When it comes to the stock market, many people have likely heard that insider trading is bad and illegal. This crime actually comes with quite harsh penalties, too.
But why is this the case? Exactly what about insider trading makes it such a problem?
What is insider trading?
The U.S. Securities and Exchange Commission discusses the illegal trade of information also called insider trading. Understanding the purpose of insider trading and how it disrupts the stock market is key to understanding why it is illegal.
So first: insider trading happens when a person uses their inside information to get a leg up on competition in the stock market.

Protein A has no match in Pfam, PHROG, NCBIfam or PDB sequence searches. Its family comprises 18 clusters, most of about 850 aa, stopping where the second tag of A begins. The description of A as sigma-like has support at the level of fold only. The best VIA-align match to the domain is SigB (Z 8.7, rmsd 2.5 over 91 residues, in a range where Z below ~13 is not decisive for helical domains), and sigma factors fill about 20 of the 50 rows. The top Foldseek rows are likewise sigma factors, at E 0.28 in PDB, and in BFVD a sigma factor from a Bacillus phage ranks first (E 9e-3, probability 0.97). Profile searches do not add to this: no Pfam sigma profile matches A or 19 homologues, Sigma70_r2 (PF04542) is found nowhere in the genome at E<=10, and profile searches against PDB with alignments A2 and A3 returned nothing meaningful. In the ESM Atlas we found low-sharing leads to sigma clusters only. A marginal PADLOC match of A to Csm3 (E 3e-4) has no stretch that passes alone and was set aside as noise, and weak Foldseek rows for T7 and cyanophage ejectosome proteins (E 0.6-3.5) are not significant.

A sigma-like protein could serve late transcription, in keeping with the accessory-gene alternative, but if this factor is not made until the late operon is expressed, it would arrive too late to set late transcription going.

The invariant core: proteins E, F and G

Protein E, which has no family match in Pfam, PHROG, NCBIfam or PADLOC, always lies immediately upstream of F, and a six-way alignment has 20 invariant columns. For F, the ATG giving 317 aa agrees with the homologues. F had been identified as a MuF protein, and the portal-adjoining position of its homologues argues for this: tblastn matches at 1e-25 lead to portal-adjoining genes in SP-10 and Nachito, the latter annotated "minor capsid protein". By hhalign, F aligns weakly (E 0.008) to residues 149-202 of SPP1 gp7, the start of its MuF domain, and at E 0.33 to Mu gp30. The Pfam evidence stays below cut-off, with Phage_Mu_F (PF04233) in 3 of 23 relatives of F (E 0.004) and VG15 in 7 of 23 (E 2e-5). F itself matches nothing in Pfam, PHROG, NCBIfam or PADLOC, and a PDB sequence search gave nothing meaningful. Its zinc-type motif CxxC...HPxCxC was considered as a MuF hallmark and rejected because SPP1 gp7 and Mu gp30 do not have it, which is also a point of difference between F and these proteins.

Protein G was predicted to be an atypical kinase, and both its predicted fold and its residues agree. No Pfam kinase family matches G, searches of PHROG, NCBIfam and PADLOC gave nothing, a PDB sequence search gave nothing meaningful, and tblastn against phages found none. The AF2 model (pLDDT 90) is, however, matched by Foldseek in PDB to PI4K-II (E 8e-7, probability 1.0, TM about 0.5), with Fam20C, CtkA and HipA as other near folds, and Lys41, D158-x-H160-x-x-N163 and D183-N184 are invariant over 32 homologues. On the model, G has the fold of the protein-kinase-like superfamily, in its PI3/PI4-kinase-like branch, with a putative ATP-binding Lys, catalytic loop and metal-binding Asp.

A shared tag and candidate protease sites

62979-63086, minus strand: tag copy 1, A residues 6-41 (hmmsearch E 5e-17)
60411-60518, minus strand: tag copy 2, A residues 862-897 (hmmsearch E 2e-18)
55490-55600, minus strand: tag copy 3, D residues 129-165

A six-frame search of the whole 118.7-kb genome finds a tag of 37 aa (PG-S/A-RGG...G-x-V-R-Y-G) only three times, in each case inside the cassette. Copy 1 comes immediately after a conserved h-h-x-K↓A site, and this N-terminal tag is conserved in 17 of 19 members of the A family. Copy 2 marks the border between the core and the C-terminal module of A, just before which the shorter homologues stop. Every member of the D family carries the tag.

For example, if an employee hears their company will soon file for bankruptcy and then sells their stocks before it gets announced to the public, this is insider trading.
Why is it a problem?
The stock market stands on the trust of investors. The investors trust that people trading and selling and buying stocks do so honestly and without any unfair advantage over anyone else.
Insider trading makes things very unequal. It gives a smaller portion of people the ability to make decisions they would not have made without their information, which serves as an unfair advantage.
If the trust of the investors ends up shaken, then it could shake the foundation of the entire stock market. In essence, rampant insider trading can easily lead to the collapse of investor trust and thus the entire market.
This is why it faces such harsh punishments, with enormous fines of up to millions of dollars and jail sentences that can last multiple decades.